HPE StoreEver LTO-7 Ultrium 15000 review

There’s plenty of life in tape backup yet. HPE’s seventh-generation LTO drive is fast and capacious

IT Pro Recommended
Price
£2,618
  • Excellent read/write speeds; High capacity;

Linear tape open, or LTO, has become the dominant tape format for low-cost data archiving, and the seventh generation brings some significant upgrades. Native transfer rates and cartridge capacities are boosted to 300MB/sec and 6TB, while maximum hardware compression remains as LTO-6, at 2.5:1. That translates to theoretical backup speeds of 750MB/sec, and cartridge capacities that are up to a whopping 15TB in size.

LTO-7 media also sees a move from Metal Particle (MP) to Barium Ferrite (BaFe), which has superior magnetic properties essential for delivering the increased areal density for future LTO generations. The drives maintain backward compatibility with earlier media; LTO-7 units can both read and write LTO-6 MP and BaFe media, and read earlier LTO-5 MP cartridges.

HPE is the first to market with an LTO-7 backup unit, its StoreEver LTO-7 Ultrium 15000 external drive. To test it, we called on a Boston Fenway 2224-0T rack server equipped with dual 2.2GHz E5-2650 v4 Xeons, 64GB of RAM and a super-fast Intel P3500 NVMe SSD. We loaded it with Windows Server 2012 R2 and installed the A-Listed Arcserve Backup r17 suite while the tape drive was hooked up to an HPE H241 SAS3 HBA.

Arcserve Backup r17 comes with native LTO-7 support. For full performance you must change Tape Engine block size from the default 64KB to 512KB, an easy Registry hack that will nearly double throughput.

For our first test, we backed up and restored a 100GB dataset of highly compressible files located on the NVMe SSD. The backup completed at an average write rate of 374MB/sec, and we were able to restore the data at an average of 294MB/sec, with Arcserve recording an impressive peak speed of 414MB/sec during the backup. Repeating the test with a 40GB mix of large bitmap photos still gave impressive speeds, although writing and restoring dropped to 319MB/sec and 234MB/sec.

Our third test proved tougher. We used a 22.4GB mix of 10,500 small files comprising documents, presentations, graphics, databases and PDFs. This was backed up and restored at overall rates of 183MB/sec and 127MB/sec.

LTO isn't solely a destination for dedicated backup software. Linear tape file system, or LTFS, allows a tape to be presented directly to the host OS as a hard disk. Using HPE's free StoreOpen Standalone utility, we formatted an LTO-7 cartridge that appeared to Windows as a 5.2TB RAM disk and could be used for tasks such as drag-and-drop copies.

Not surprisingly, using a linear medium in this way doesn't yield maximum performance, but speeds were still respectable; our 100GB dataset was backed up and restored at speeds of 121MB/sec and 184MB/sec. With the 40GB photo collection, we saw average read and write speeds of 103MB/sec and 159MB/sec.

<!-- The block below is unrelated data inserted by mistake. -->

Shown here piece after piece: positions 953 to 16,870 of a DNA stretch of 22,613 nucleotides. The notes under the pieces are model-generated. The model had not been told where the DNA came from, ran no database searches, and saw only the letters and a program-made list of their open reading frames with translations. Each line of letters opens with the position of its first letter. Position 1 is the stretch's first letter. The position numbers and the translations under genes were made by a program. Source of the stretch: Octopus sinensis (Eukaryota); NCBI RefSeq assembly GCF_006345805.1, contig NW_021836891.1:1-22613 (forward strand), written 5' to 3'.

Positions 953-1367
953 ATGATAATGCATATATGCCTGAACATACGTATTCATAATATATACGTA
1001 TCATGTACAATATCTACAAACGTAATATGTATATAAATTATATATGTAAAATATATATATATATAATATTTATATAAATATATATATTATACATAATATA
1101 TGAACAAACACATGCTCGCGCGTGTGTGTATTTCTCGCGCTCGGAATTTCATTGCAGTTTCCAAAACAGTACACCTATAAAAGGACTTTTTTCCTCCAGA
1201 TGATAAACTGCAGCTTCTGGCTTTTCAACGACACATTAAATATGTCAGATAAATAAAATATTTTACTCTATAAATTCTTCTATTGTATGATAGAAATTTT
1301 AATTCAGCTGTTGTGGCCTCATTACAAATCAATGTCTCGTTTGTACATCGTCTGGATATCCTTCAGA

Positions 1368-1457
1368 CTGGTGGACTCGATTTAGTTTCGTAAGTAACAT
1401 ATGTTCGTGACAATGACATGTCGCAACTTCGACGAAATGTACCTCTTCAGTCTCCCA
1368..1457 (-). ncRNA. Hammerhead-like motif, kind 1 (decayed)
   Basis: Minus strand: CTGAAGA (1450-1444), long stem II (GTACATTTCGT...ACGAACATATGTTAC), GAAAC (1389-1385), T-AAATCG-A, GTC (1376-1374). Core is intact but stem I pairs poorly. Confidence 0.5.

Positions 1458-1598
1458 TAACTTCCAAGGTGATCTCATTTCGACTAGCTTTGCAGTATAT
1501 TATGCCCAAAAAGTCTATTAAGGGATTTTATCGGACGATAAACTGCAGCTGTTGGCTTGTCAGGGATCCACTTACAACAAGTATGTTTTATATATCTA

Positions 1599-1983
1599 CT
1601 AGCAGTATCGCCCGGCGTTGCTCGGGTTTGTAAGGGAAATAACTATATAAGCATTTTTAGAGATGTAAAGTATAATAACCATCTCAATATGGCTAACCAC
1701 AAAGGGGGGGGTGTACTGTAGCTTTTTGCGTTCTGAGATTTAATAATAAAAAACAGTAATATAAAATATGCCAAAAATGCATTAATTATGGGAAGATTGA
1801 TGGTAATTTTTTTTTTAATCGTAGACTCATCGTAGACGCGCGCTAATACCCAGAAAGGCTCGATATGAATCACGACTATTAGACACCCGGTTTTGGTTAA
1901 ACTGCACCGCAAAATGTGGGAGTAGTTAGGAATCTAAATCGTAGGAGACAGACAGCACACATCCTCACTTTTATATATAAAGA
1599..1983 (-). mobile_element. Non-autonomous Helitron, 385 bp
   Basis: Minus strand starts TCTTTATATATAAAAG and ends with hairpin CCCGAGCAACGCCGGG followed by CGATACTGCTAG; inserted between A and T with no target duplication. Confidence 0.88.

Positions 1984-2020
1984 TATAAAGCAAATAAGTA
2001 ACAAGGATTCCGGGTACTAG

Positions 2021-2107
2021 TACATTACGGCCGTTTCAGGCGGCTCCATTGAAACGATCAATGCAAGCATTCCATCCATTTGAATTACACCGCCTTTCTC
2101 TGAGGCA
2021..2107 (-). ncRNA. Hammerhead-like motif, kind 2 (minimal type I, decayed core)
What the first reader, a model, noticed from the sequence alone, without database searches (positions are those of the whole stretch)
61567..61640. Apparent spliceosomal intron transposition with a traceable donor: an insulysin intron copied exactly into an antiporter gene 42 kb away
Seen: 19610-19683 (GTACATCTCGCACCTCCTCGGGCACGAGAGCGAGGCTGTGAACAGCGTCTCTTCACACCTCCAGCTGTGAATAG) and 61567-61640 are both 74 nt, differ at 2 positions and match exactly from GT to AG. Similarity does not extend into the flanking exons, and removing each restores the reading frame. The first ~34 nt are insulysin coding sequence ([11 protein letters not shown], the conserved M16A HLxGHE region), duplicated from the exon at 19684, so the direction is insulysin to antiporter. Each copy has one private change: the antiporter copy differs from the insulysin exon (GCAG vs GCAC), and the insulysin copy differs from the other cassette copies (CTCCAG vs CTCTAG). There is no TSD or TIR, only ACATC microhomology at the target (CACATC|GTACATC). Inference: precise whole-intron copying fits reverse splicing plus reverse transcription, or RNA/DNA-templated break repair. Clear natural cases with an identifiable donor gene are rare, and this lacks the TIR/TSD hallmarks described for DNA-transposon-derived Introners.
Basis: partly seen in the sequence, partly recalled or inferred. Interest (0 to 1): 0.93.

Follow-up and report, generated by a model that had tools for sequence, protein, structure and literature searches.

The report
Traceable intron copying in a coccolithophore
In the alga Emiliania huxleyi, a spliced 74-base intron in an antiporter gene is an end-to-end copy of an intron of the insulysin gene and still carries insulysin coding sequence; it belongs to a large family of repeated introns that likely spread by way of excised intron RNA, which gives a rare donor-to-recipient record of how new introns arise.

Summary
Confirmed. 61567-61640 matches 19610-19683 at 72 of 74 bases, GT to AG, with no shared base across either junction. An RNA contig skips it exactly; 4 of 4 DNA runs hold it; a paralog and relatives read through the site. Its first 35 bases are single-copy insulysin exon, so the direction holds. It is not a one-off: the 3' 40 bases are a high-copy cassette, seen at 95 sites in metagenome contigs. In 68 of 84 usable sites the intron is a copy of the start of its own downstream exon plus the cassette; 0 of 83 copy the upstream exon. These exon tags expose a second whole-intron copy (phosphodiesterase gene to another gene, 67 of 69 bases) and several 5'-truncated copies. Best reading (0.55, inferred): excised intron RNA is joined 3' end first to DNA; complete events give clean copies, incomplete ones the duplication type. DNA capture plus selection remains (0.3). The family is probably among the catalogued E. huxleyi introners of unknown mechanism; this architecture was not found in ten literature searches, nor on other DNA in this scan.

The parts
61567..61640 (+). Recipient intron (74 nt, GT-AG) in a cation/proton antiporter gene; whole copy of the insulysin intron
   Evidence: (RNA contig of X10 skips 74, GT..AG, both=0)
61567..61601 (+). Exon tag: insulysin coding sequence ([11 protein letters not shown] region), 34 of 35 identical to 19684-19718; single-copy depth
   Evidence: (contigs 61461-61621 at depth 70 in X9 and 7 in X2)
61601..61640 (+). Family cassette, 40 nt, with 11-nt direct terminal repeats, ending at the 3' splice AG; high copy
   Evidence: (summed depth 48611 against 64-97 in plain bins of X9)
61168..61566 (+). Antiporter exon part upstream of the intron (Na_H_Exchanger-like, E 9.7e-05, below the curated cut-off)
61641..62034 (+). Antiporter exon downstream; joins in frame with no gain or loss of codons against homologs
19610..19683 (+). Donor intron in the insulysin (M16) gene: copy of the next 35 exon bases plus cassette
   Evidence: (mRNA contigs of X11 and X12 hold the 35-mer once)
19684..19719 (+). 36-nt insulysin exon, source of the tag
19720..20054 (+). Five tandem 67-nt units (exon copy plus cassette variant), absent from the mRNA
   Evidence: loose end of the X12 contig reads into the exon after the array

Data security during transit and rest is well provided. Drives from LTO-4 onwards can perform 256-bit AES hardware encryption with any backup software that supports key management, such as Arcserve Backup r17. Another good feature is support for write once read many (WORM) media. This allows sensitive data to be archived in a non-modifiable state, to ensure compliance with data-protection rules.

And when it comes to long-term reliability, you should have no concerns. We took an LTO-6 MP cartridge that had been created by Arcserve Backup r16 three years ago. Arcserve Backup r17 read it perfectly from our LTO-7 drive and restored its 7GB of data in less than two minutes.

Tape backup may seem like old technology but LTO has a bright future; the product roadmap now extends to LTO-10, which will offer 48TB native capacity. An increasing number of businesses are seeing the value of tape as a low-cost, reliable medium for long-term data archiving. With the HPE StoreEver LTO-7 Ultrium 15000 ushering in a big hike in performance and capacity, this is a great time to invest.

Dave Mitchell

This review originally appeared in PC PRO issue 263.

Verdict

Tape backup may seem like old technology but LTO has a bright future. With the HPE StoreEver LTO-7 Ultrium 15000 ushering in a big hike in performance and capacity, this is a great time to invest.

External half-height Ultrium LTO-7 tape drive

Native capacity 6TB

Native transfer rate 300MB/sec

1GB buffer l 6Gbits/sec SAS interface

Read/write compatible with LTO-6

Read compatible with LTO-5

225 x 300 x 80mm (WDH)

3yr parts warranty. Options: HPE H241 SAS HBA, £125

HPE LTO-7 cartridge (C7977A), £122

HPE LTO-7 WORM cartridge (C7977W), £122 (all exc VAT)

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